In The Earth Review

In The Earth
In the midst of an unnamed pandemic, scientist Martin Lowery (Joel Fry) and park ranger Alma (Ellora Torchia) set out on a trek through the woods to deliver equipment to Martin’s former colleague, Dr Olivia Wendle (Hayley Squires). Aware of the legend of Parnag Fegg, a malevolent spirit of the forest, the pair ignore it. Big mistake.

by Ian Freer |
Updated on
Release Date:

18 Jun 2021

Original Title:

In The Earth

In The Earth opens with a monolith and ends with a hallucinogenic trip. Perhaps only Ben Wheatley could reimagine 2001: A Space Odyssey in a drizzly English woodland. After his starry adaptation of Rebecca, Wheatley is back on his bullshit: ambitious high concepts shot with lo-fi verve, ladled with molasses-black comedy, all played out to a throbbing Clint Mansell synth score. Filming during a pandemic plays firmly into Wheatley’s skillset, a filmmaker who finds creativity in constriction. Other filmmakers had to adapt to the stripped-back resources of a pandemic picture; this is Wheatley’s wheelhouse, and In The Earth makes the most of it.

In The Earth

The writer-director-editor sets his stall out slowly and deliberately. Filled with pandemic ennui, scientist Dr Martin Lowery (the likeable Joel Fry) arrives at the remote Gantalow Lodge to take some much-needed equipment to former colleague (and possibly former lover) Dr Olivia Wendle (Hayley Squires). Researching ways to make crop growth more efficient in reputedly mega-fertile soil, Wendle is well-known for her theory that all the trees in a forest are connected, like one gigantic brain, yet she has not been seen for months (the film develops a big Colonel Kurtz energy around her). Lowery is joined on his journey by park ranger Alma (Ellora Torchia), who alerts the newb to the mythology of Parnag Fegg, the pagan folklore of an ancient spirit that supposedly lives in the forest. All seems fine until the pair are ambushed and beaten senseless under the cover of night. This is just the start of their problems. Enter Reece Shearsmith as Zach, a man living illegally in the woods, who gives the movie more unease and tension than a dozen Leatherfaces or Jigsaws. In a career playing unnerving oddballs, Zach might be Shearsmith’s finest.

It’s a visceral experience; part survivalist drama, part slash-and-stalk thriller.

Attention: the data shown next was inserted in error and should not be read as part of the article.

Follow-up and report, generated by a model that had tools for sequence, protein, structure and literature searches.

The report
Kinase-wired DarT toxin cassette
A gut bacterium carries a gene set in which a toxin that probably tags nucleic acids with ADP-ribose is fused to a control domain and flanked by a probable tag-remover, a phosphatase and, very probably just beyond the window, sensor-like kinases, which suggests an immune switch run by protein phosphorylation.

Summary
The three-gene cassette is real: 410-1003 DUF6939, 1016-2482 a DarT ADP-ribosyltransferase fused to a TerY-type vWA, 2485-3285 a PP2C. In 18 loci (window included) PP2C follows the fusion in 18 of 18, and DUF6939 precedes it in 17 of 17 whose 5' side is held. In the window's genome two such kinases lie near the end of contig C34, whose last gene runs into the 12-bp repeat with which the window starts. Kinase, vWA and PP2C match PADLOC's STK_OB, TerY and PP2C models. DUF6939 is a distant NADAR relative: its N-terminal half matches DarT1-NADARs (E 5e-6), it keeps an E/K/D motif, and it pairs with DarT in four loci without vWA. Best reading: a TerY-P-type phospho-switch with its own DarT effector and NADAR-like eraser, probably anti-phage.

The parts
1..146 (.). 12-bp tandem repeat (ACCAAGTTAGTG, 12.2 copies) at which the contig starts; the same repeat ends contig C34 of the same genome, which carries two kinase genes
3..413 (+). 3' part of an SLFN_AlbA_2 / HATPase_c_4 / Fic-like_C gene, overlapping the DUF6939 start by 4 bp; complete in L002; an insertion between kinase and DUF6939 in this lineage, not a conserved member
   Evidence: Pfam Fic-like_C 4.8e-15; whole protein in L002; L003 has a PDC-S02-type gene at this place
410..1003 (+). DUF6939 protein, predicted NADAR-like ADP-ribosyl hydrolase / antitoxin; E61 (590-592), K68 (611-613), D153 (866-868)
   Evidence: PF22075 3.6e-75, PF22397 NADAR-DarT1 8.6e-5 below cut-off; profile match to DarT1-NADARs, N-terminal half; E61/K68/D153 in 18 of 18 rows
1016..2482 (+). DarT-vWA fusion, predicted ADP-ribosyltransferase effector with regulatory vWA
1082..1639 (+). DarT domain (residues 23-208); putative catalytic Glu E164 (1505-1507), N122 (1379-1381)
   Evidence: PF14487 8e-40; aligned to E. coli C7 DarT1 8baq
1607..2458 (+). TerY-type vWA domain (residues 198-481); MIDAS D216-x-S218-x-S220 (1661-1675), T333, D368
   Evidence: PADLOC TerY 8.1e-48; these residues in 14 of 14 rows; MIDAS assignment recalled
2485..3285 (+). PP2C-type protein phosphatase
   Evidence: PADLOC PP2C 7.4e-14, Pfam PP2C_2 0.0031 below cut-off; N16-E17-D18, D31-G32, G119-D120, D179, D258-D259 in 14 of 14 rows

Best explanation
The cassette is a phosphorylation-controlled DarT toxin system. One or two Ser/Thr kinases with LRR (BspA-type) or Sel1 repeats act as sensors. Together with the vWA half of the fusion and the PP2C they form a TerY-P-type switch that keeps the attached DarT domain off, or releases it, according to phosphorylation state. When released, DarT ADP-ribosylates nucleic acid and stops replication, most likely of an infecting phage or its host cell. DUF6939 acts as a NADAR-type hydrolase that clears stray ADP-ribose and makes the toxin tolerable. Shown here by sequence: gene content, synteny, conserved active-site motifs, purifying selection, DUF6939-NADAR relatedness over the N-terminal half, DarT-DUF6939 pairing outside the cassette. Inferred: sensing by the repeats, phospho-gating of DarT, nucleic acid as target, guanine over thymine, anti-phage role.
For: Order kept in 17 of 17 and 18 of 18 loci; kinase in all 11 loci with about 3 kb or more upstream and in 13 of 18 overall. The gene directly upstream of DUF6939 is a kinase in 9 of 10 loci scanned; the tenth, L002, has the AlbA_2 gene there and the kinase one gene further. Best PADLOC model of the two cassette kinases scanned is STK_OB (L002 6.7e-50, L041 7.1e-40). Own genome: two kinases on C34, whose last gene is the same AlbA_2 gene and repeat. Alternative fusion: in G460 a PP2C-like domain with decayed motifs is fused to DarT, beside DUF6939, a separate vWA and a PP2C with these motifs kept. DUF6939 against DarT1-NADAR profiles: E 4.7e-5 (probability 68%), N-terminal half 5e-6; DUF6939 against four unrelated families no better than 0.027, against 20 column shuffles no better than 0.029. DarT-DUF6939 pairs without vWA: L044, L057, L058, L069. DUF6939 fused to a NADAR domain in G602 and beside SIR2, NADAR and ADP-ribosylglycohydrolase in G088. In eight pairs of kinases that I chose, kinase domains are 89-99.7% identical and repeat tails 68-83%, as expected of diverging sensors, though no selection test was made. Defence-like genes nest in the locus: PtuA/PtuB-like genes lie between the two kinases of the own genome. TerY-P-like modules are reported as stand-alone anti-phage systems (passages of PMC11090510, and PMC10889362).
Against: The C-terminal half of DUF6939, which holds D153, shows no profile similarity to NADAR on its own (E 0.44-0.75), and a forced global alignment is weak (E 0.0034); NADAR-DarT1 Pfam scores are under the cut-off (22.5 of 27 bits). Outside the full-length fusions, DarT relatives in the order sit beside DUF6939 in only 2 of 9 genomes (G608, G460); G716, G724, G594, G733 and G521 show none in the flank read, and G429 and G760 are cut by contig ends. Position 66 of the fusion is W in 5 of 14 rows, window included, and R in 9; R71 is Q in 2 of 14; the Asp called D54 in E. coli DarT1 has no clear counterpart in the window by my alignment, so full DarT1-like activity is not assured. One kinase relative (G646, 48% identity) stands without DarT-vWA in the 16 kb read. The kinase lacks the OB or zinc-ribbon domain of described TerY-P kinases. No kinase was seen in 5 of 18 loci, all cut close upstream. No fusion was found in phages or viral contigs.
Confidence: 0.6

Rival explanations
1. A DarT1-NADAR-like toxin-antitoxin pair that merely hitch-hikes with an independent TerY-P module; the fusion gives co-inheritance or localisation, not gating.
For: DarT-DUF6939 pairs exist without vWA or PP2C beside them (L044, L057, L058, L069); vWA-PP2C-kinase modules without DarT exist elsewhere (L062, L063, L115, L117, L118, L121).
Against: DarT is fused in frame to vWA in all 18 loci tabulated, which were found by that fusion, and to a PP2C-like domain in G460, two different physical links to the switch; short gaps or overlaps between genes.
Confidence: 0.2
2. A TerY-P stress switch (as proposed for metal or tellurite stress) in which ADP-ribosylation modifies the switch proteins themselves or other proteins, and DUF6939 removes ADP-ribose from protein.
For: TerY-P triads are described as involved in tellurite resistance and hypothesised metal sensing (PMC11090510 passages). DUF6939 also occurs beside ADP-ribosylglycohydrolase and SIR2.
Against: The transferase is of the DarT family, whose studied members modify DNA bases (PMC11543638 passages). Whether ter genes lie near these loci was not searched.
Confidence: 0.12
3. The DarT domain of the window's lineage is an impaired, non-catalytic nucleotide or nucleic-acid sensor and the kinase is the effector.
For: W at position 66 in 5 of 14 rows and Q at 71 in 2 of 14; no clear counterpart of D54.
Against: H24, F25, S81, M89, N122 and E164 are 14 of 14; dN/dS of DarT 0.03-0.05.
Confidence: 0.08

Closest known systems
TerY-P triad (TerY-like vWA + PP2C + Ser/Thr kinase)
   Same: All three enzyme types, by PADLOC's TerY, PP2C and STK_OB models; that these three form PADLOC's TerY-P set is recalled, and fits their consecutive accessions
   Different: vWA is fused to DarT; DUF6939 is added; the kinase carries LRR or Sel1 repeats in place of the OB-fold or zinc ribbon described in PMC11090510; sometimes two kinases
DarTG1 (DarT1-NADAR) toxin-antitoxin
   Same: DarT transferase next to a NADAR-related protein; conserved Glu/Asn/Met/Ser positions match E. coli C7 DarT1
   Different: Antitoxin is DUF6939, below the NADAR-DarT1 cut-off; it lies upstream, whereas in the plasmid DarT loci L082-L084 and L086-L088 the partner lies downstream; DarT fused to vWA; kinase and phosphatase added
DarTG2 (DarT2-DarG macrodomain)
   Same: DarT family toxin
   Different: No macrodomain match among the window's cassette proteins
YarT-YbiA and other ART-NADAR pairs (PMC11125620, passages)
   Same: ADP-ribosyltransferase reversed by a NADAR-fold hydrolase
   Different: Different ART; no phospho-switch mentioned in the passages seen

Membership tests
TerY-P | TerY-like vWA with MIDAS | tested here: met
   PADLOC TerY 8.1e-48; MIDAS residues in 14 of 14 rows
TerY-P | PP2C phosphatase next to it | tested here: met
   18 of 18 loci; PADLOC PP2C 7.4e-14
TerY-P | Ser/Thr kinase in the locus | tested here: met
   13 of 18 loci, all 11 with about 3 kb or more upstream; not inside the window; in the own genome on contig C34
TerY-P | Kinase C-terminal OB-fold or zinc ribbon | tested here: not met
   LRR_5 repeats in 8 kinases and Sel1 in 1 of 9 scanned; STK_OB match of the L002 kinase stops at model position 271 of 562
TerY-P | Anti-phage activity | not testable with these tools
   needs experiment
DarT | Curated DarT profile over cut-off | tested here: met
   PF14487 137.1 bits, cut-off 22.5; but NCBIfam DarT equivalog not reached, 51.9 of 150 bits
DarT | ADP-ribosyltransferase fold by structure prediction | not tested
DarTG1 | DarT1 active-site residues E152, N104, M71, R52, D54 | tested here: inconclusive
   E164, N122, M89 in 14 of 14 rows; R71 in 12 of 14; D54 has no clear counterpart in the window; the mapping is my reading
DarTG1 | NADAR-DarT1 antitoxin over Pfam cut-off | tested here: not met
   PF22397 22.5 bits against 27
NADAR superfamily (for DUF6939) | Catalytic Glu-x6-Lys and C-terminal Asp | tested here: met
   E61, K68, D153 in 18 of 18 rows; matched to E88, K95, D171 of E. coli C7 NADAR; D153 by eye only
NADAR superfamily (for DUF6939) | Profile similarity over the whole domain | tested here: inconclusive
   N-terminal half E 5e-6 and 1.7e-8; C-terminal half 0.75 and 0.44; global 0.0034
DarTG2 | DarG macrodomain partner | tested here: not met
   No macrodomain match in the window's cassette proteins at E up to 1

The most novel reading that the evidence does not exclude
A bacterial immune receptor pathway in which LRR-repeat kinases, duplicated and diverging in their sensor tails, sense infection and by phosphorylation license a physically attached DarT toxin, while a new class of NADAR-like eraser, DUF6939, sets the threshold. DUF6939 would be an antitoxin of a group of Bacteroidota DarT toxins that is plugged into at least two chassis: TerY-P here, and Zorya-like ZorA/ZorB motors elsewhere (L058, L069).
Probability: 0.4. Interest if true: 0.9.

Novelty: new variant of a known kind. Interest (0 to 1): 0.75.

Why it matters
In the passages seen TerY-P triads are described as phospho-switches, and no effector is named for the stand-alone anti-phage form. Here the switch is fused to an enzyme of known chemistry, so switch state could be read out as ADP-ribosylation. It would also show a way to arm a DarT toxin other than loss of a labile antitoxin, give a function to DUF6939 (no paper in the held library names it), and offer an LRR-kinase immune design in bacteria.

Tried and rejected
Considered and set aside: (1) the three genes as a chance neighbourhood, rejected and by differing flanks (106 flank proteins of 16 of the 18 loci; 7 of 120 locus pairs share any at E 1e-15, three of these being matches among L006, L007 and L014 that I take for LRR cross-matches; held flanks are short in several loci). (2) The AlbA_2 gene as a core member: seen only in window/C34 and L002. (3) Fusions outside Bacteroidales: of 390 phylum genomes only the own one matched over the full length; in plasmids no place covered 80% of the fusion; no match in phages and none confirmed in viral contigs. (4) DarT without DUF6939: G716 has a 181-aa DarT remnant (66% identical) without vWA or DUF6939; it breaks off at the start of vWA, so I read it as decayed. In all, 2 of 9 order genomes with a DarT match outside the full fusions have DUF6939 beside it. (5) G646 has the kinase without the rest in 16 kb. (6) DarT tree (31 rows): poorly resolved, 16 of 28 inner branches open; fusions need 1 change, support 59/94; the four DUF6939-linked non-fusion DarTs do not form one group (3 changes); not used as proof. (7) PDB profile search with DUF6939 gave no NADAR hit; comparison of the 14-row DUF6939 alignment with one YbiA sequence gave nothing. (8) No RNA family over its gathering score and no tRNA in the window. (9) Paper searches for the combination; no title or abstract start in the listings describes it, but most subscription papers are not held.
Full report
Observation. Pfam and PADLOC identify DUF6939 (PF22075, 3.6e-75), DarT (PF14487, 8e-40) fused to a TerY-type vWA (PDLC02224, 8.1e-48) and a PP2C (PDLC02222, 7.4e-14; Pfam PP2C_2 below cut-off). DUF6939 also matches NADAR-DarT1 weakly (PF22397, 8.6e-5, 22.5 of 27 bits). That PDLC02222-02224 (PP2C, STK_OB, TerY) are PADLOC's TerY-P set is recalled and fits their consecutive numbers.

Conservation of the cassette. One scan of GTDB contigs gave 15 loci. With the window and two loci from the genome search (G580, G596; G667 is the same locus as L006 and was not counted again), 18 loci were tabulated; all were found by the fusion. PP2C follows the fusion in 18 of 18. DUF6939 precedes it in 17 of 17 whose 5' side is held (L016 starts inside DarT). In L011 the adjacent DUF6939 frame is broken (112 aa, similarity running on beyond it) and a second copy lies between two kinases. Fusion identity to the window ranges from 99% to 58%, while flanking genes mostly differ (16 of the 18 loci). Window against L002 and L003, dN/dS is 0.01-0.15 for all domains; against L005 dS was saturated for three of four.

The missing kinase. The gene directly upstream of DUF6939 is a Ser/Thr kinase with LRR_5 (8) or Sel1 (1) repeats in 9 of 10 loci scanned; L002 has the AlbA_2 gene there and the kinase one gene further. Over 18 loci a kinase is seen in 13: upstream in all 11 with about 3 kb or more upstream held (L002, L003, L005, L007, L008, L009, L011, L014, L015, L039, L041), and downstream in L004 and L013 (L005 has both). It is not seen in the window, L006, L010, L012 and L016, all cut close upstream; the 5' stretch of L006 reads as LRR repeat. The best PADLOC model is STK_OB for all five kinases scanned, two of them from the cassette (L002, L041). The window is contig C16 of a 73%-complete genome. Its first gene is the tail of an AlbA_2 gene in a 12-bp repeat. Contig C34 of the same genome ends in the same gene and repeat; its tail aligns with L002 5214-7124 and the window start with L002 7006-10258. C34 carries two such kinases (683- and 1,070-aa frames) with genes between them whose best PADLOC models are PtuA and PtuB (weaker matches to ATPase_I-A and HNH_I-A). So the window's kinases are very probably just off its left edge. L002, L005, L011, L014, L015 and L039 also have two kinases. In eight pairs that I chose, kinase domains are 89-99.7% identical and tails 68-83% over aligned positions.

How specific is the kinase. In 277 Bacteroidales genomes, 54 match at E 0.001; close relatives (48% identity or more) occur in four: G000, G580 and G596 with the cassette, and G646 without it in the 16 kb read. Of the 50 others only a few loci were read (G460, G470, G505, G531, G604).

Suffice to say that what follows is a mash-up of twisted mythology, body horror and trippy visuals, all wrapped up in a pointed Covid parable. Amid the lockdown sub-genre (Songbird, Malcolm & Marie, Locked Down), Wheatley’s film best captures the moment, from the details (masks, social distancing and a scene-stealing turn from a lateral flow test) to the anxieties of the age (a discussion about whether things will ever be the same post-Covid; the way isolation engenders a distrust of empirical evidence). But Wheatley also has bigger, more timeless concerns on his mind. In The Earth explores the dynamic between folklore and science — technology as magic and vice versa — and the ways nature might be communicating to — or even through — us. Sometimes the thinly drawn characters feel like cyphers for these ideas, but the cast — especially Torchia and Squires — mostly make it real.

This is not to say that In The Earth is some exercise in cerebral chin-stroking. It’s a visceral experience; part survivalist drama, part slash-and-stalk thriller, filled with intensity and dread, all amplified by wild editing strategies (flash cuts, jump cuts, abrupt cuts to black) and strobe effects to stoke up the atmosphere. Reminiscent of A Field In England’s psychedelia, the final act enters a new realm of madness that offers no easy answers or soothing resolutions. Just the way Wheatley likes it.

In The Earth is filmmaking at its most gnarly and elemental yet smart. If you go down to the woods today, you’ll get well and truly fucked up.
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